Annals of the Labouring Poor

Chapters of The Agrarian History of England and Wales

Work and Workers in Rural England.
by Clifton Johnson

With Illustrations by the Author.

ENGLAND is a land of large towns and great manufactories. So dense is the population that it is said the crops raised on the farms each year would not feed the inhabitants over three months. From this one might fancy that the towns had overspread most of the island and that all the country there was left would be hardly more rural than village suburbs. But in reality the towns are only the plums in the pudding, not the substance. They are minor interruptions to an endless roll of cultivated fields and grazing lands sweeping from John o’ Groat’s to Land’s End.

Even London, vast as it is, does not reach out so very far, after all. You step on a train at any of the metropolitan stations and go in whatever direction you please, and it does not take many minutes to get beyond the paved ways and the crowded buildings to the quiet greenery of the country. Nor do the towns, in spite of their number and size, have any very marked influence on the country people and their ways. One would think they would exert a decided leavening power over the rustic life that would modernize it and cause its cruder elements to disappear. This is not the case. The country workers of England know far less of the cities and feel their influence far less than their fellows here in America. Their instincts are less nomadic. They live out their lives in the villages where they are born. A few miles close around home is often all they see of the world. They cling to old ways and are primitive and unchanging to a degree that an American mind finds astonishing. As a result, each district has its dialect and its peculiar local customs which survive generation after generation, but never are transferred to other regions, not even to those adjoining.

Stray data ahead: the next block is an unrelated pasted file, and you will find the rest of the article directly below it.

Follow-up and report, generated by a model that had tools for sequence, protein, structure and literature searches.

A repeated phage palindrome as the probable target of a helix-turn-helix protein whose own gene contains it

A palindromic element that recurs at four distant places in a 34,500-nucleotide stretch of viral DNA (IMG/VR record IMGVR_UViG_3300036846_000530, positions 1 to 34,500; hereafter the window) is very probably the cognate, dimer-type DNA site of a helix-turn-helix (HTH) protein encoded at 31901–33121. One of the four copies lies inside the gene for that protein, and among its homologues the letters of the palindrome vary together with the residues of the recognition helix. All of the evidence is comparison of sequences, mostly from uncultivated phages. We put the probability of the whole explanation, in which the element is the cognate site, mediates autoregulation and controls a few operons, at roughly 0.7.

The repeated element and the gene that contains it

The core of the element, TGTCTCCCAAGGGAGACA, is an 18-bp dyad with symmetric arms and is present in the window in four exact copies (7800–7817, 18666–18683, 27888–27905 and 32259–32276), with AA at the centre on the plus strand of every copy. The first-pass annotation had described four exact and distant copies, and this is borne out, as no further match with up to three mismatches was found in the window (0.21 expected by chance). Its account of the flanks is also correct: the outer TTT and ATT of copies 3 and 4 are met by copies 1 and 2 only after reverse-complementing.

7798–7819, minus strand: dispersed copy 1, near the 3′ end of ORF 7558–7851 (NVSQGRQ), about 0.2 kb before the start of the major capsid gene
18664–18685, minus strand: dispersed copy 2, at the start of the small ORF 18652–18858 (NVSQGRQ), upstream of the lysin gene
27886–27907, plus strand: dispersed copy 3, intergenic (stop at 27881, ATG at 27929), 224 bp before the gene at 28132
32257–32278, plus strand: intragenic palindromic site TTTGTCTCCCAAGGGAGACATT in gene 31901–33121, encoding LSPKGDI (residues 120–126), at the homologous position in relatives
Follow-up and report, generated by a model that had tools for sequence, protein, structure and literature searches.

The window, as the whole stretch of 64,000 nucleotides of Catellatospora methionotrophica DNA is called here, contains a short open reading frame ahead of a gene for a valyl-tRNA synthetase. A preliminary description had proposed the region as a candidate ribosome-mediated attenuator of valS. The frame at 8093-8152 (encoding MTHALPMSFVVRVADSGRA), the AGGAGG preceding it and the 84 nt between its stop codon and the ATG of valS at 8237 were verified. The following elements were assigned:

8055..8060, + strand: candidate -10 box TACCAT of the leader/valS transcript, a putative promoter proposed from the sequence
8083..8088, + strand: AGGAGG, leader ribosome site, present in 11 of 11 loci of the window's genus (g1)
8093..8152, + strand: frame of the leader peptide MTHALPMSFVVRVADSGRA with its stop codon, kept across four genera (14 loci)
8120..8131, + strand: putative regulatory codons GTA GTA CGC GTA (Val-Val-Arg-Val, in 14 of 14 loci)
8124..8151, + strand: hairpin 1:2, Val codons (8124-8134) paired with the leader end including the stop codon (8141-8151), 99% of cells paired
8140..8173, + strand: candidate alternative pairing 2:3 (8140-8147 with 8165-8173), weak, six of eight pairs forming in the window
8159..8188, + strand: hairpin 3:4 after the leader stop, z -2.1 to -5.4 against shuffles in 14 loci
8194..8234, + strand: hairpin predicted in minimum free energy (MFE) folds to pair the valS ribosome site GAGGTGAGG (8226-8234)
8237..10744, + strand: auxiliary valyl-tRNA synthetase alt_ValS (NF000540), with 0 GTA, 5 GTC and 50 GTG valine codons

The soil of Britain is not tilled by the owners, nor is the tilling to any considerable extent done under their supervision. The land is practically all owned by the gentry, and they rent it to farmers, who take the entire responsibility of making it return both them and their landlords a living. The tenants decide what crops to raise, they buy and sell, and they keep what is often quite a little colony of laborers constantly at work.


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